It was interesting to reflect on the take-aways presented in the first chapters of Built to Last that apply to any organization. This weekend I was thinking about the non-profit organizations at which I’ve worked, faith in U.S. government institutions (I was amused the the U.S. government’s founding was brought up as as example), and non-state groups and movements. We are in a school that emphasizes technology, and of course there are implications for the entrepreneur building a more traditional company.
Last year during NYC Media Lab’s conference, there was a speaker addressing how to keep a company relevant in a rapidly changing technological climate. I remember thinking, why should companies endure indefinitely? Maybe a company should do one thing well and when that thing becomes irrelevant, it should die so something else can take its place. Built to Last suggests a shift in thinking that focuses not on a particular product, instead emphasizing the processes and cultures in place that allow whatever its current goals are to be realized, and realized well. In order to assess the uniqueness of companies that have been able to “transcend dependence on the original visionary founders” the authors selected a sample of “premier institutions” that are “widely admired,” that have had an “indelible imprint” on the world, “multiple generations of chief executives,” “multiple product/service lifecycles” and that were “founded before 1950,” as well as a set of comparison companies. Chapter one lays out the methodological rigor of their study while chapter two expands on one key quality of the founders of visionary companies: they were “clock-builders” rather than “time-tellers.” They built an organization that could “tell time,” or do whatever it was they did well, even after they were no longer leaders of their companies.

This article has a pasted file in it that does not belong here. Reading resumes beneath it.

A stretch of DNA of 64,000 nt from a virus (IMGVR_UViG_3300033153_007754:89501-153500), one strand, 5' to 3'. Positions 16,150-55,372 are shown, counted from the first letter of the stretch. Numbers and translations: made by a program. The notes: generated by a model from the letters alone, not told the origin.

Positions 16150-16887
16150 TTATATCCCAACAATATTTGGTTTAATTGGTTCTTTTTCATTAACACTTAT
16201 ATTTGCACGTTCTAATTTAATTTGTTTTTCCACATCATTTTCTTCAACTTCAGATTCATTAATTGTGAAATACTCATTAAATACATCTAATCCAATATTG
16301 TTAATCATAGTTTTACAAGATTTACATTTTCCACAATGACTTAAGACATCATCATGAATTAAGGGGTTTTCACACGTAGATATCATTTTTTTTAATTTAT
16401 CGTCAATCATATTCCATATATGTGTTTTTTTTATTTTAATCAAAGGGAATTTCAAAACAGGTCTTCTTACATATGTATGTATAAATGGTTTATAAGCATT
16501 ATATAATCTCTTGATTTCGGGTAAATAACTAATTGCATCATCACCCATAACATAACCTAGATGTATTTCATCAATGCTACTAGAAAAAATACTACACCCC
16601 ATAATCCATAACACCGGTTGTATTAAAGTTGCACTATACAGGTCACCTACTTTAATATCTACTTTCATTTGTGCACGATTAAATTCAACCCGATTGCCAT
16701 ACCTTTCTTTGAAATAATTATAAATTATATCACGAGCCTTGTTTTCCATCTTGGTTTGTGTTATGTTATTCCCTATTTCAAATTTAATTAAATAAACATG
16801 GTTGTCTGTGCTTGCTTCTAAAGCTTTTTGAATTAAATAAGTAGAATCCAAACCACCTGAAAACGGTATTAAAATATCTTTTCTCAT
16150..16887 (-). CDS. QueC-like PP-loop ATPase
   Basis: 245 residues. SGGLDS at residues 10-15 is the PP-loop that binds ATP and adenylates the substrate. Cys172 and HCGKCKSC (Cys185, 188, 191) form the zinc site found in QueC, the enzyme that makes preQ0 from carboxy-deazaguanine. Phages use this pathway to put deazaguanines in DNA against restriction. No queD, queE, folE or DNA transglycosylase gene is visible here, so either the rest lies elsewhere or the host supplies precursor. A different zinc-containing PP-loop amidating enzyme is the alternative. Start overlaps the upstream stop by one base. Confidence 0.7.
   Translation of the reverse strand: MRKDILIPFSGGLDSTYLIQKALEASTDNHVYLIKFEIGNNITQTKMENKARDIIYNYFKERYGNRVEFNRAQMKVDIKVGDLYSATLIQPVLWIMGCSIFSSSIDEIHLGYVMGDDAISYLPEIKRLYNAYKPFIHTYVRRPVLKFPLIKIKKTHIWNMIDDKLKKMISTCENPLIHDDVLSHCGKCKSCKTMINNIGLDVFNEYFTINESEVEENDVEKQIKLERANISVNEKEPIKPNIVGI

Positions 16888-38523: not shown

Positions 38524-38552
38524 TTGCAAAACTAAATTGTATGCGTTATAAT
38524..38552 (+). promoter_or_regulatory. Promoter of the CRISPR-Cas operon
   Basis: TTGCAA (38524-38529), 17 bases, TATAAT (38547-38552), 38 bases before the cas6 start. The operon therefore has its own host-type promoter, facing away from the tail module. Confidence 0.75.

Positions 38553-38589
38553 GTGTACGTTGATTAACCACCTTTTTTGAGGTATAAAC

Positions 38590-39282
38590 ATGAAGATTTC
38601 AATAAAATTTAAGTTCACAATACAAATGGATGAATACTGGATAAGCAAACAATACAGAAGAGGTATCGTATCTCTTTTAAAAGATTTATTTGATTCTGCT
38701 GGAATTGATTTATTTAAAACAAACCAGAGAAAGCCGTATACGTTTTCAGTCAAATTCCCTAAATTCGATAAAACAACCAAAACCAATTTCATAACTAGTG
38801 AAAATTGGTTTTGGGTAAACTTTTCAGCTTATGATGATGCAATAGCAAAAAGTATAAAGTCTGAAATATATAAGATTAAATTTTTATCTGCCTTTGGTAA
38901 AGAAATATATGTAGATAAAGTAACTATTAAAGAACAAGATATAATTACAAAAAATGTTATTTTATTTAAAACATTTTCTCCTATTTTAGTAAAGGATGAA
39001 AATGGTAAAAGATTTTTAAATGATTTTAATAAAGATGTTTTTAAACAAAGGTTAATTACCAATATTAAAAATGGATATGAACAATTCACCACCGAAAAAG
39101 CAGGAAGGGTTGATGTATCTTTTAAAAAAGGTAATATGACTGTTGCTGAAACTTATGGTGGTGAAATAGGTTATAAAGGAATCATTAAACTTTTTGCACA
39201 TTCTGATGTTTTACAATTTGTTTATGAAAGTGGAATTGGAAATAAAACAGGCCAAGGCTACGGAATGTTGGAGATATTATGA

I’m currently working at a company where we have a lot of discussions about how we see our work affecting the world and how we can use a clear understanding of our mission to be more strategic. Something we’ve stated less explicitly, but that has come out of these discussions and that chapter two allowed me to identify, is the values we all share. They underly everything else. I think they are aligned and consistent across the organization but I’m not sure I thought of them as “core.” Now I wonder how I can create processes that reflect these core values and outlast me. It’s a new frame with which to evaluate leadership at the organization as well.
The authors asserted the United States needs to “gain a better understanding of our enduring core purpose” which pushed me to further evaluate the usefulness of this paradigm. Not to oversimplify the current democratic crisis in the United States, but it does seem as though there’s a fundamental disagreement about the core purpose of this country, and moreover, who has a valid voice in defining this. This frame also seems useful in evaluating social movements: for example, the Black Lives Matter movement now seems to be much less centrally governed than civil rights movements in the past, but has a very clear core purpose and this is part of what makes it so powerful. Last, I think its useful in understanding the persistence of certain groups and ideas that strike terror: for example white supremacy and nazism in the West, and radical Islamic groups in the Middle East and North Africa. Again, while these groups have a leadership structure, vanquishing them requires much more that simply eliminating leaders likely in part because there is that strong and well-defined core purpose.